Drake is a one-man industry magnate, a master of horizontal integration hell-bent on unifying the divide between pop and rap and conquering both in the process.
It’s worked out thus far, even with some minor roadblocks. His 2016 blockbuster Views fell flat with insularity and a dreary introspectiveness. Views overstayed its welcome — a love letter to the 6 that read like a late-night DM, a slog of cinematic proportions that alienated his devout fandom and rightfully welcomed the same criticisms that have been tossed at him throughout his campaign to the top.
Views’ success was indomitable, nevertheless. It assured his place as the world’s biggest rapper and pop star: Drake is the first artist ever to land a billion streams on Spotify for one song. But what’s the biggest musician in the world to do after singlehandedly conquering the music industry?
With More Life, Drake is having fun again. It’s the much-needed exhale after fulfilling the almighty, monolithic ambitions he set forth on Views. He’s taken off that stuffy turtleneck and kept his gold chains intact.
Drake leads off with a voice that isn’t his own; that honor goes to Hiatus Kaiyote lead vocalist Naomi Saalfield. It’s the first time this has happened in a Drake album since 2012’s excellent Nothing was the Same. The implication is clear: Drake no longer wants his music to be as solipsistic as “Drake featuring Drake.”
Throughout the 22 tracks, he runs through genre after genre with the enthusiasm of a friend skipping through songs on a playlist 30 seconds in. Drake and his OVO brain trust don’t commit to a single sound on More Life, and the result is largely satisfying, trotting through trends and genres with the same noncommittal mood as the relationships he croons about.
Drake marketed More Life as an extension of his OVO Sound station on Apple Music, a claim that doesn’t feel entirely unwarranted. He inverts a song by former fling Jennifer Lopez on “Teenage Fever,” a sly tactic that culminates in something that wouldn’t sound out of place on Nothing Was the Same. “Portland,” with its pan flutes and instantly memorable Quavo verse, bears a striking familiarity to Migos’ “Bando.” Drake’s flow on “KMT” is an obvious dead ringer for the rumbling triplet flow in “Look at Me!” the underground smash from incendiary Florida rapper XXXTentacion.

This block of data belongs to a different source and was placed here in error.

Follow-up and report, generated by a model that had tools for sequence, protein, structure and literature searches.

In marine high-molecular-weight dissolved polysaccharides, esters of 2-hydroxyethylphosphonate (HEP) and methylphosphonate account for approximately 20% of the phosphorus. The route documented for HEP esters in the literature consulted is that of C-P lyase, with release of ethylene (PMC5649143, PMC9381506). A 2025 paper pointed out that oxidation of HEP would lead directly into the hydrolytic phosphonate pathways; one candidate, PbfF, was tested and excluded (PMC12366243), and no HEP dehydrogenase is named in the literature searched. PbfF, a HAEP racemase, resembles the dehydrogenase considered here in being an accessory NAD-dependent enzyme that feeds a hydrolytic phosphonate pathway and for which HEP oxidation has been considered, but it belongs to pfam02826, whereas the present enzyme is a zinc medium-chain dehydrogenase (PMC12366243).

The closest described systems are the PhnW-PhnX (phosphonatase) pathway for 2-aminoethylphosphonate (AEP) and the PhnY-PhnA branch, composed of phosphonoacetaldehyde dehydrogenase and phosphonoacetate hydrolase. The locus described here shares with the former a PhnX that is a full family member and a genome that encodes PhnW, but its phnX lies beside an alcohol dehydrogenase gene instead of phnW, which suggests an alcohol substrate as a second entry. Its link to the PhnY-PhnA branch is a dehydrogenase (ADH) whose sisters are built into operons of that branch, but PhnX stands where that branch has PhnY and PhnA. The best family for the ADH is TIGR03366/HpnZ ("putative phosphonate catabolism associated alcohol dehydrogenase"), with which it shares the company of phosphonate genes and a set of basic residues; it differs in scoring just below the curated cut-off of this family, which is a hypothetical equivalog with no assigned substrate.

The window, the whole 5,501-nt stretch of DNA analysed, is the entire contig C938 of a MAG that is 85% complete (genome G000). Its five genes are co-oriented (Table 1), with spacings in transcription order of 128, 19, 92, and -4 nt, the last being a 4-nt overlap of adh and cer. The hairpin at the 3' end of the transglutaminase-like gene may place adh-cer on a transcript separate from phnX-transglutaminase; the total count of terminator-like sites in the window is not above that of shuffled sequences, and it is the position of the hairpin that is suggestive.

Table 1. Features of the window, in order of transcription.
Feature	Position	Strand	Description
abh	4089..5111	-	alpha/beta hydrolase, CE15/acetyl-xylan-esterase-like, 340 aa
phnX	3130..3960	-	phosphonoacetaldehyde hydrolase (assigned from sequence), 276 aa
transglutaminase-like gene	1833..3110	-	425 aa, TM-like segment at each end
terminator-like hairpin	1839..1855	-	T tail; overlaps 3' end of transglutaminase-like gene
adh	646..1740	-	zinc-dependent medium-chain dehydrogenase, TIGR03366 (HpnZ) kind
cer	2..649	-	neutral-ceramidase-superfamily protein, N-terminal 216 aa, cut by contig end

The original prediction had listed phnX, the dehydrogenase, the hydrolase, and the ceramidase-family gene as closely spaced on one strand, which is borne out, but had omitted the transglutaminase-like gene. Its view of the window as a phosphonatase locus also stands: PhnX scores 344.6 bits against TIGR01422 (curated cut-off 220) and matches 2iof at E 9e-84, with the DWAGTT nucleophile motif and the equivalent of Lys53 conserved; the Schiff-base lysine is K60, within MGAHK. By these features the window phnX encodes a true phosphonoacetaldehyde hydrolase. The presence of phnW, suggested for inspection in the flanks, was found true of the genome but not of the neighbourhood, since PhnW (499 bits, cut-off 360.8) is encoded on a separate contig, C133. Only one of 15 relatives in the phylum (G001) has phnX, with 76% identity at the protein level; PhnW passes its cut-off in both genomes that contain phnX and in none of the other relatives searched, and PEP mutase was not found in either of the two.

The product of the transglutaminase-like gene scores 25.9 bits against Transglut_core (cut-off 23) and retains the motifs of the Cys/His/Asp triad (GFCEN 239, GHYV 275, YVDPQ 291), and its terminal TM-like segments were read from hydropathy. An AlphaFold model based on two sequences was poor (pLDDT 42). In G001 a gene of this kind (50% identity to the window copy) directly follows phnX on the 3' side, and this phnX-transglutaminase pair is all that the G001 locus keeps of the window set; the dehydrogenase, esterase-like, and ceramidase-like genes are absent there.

More Life, at its dizzying best, recalls The Life of Pablo in its transient, liberal showcase of rising star talent. 19-year-old British ingénue Jorja Smith gets her shine on the delightful “Get it Together,” as does perennial collaborator Sampha. Drake, for once, has stepped back and opened the curtains to expose the machinery behind his magic. The Kanye connect is apparent on “Glow,” where Drake plays hookman to Kanye rapping Drake hooks — two legends messing around on karaoke. Neither have sounded as lighthearted as they do here.
On its lows, Drake’s cultural pilfering of international genres continues to be dubious. Drake’s newfound interest in grime takes full form here, where it largely manifests with his liberal use of patois on tracks like “No Long Talk” and “Blem.” It’s not great, but on the flipside, he big ups grime icons Skepta and Giggs repeatedly.
Drake fares exceptionally when he forays into club music, global or otherwise. “Madiba Riddim” enters familiar Drake territory (“My heart is way too frozen to get broken,” he sings) but is buoyed by a breezy Afrobeat riff. But the (rightful) heir to Drake’s moody club anthem throne is the delicious “Passionfruit.” Drake leans into his most winsome traits, wrapping a slinky, sexy electronica pulse into a passive-aggressive barb.
Don’t let the “playlist” moniker fool you: This is a Drake release, with all of its usual trappings. He throws too many subliminal jabs at old partners. There’s still a run-off smash from last year trailing in the backend here. But old habits, like old flames, die hard, and Drake’s conquests have never sounded sweeter.